Legal experts say the bill by far has the most stringent clauses against cow slaughter in the country and would result in a ban on consumption of beef within the state.
Bengaluru: The Karnataka Legislative Assembly Wednesday passed a tough Karnataka Prevention of Slaughter and Preservation of Cattle Bill 2020 amid ruckus by the Opposition, mainly the Congress.
Legal experts say that the Karnataka bill by far has the most stringent clauses against cow slaughter in the country and would result in a ban on consumption of beef within the state.
The bill, which was passed without any discussion of the floor of the Assembly, stipulates stringent punishment to those who indulge in “smuggling, illegal transportation, atrocities on cows and slaughtering them”. By defining beef as any flesh of cattle, the bill will literally bring in a blanket ban on consumption of beef in the state.
When the bill becomes the law, sale and purchase of cattle for the purpose of slaughter within Karnataka and outside too will be prohibited. Transport with the intent of cattle being used in the field of agriculture or animal husbandry will be permitted. It also bans the slaughter of calves of a cow and bull, bullock, buffalo male or female and calf of a she-buffalo as well.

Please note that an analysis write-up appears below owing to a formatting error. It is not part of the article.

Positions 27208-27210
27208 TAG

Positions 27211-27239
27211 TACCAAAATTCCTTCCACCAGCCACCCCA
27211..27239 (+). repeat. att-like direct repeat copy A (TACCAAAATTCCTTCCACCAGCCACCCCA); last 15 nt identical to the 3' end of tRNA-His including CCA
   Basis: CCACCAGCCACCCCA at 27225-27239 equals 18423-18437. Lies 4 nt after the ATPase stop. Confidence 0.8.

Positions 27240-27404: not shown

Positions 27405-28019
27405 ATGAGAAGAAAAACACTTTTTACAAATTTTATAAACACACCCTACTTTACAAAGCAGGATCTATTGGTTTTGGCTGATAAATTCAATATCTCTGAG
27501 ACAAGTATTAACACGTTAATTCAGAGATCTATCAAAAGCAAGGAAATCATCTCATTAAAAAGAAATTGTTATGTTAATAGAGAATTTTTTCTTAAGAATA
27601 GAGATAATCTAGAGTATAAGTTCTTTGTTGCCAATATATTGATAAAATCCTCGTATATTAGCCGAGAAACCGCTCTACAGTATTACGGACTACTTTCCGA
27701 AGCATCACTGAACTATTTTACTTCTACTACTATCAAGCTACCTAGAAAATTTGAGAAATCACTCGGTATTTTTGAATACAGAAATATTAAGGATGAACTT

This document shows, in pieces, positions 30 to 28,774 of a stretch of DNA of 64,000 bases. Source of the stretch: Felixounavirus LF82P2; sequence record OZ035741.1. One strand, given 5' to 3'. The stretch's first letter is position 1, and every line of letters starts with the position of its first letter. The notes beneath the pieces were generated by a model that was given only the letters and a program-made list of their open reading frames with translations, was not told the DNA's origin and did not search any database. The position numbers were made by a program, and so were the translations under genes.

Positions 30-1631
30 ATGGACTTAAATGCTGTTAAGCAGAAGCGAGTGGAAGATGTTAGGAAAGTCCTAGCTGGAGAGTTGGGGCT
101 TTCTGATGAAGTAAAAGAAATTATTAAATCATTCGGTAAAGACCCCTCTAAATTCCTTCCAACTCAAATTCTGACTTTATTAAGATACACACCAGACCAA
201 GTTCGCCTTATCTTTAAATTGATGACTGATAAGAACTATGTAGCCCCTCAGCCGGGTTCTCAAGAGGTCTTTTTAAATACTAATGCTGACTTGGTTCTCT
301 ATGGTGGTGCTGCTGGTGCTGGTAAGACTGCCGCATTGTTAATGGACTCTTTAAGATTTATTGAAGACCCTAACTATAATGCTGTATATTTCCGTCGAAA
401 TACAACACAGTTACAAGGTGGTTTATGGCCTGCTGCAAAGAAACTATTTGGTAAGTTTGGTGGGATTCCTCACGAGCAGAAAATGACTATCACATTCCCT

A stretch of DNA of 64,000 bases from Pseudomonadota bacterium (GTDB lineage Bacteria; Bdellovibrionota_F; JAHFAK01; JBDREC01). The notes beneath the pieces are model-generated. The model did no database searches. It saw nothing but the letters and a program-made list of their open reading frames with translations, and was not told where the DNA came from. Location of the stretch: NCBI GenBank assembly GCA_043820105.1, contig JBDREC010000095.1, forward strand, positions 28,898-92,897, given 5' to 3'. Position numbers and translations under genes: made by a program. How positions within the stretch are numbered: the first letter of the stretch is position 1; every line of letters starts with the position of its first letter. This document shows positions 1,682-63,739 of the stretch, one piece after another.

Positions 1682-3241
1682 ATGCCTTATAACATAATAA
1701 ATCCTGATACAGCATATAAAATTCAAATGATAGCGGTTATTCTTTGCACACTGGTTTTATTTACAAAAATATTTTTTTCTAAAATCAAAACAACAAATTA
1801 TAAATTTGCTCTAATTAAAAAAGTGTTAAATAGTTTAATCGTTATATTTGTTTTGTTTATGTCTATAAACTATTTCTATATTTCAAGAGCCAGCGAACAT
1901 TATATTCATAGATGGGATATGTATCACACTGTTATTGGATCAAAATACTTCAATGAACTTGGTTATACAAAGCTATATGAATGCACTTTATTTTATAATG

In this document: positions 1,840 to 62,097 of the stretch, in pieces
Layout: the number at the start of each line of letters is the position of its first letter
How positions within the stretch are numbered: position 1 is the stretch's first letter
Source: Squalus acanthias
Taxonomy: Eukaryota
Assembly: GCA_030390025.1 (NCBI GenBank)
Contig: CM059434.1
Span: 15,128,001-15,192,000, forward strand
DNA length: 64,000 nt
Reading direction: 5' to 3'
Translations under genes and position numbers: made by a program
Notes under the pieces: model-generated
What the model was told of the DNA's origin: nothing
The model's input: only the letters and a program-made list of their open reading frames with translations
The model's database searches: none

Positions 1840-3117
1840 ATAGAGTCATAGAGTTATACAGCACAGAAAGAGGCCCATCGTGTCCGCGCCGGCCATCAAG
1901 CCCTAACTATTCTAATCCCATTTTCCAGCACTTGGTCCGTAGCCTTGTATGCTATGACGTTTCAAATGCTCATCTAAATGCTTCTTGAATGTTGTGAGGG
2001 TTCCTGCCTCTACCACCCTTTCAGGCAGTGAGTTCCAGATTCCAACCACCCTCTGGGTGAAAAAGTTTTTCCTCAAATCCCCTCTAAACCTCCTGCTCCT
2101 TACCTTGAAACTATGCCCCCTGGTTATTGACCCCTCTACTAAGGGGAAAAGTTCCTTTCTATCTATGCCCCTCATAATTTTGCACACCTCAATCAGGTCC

In what some describe as a draconian provision, the law gives powers of search and seizure to the police on the basis of “reason to believe”. Cattle thus seized will be handed over state-run organisations to care for the cattle. Penalty for slaughter will range from Rs 50,000 to Rs 10 lakh per cattle and three to seven years imprisonment.
The Congress plans to pursue a legal route to oppose the law.
As the Animal Husbandry Minister Prabhu Chavan tabled the bill, Congress MLAs led by the leader of the Opposition Siddaramaiah trooped into the well of the House. Waving the bill, they alleged that it was not discussed for tabling in the Business Advisory Committee meeting.
However, Speaker Vishweshwar Hegde Kageri said he had clearly said in the meeting that important bills will be tabled on Wednesday and Thursday.
The bill will now go to the Legislative Council for approval after which it would be sent to the Governor for his signature.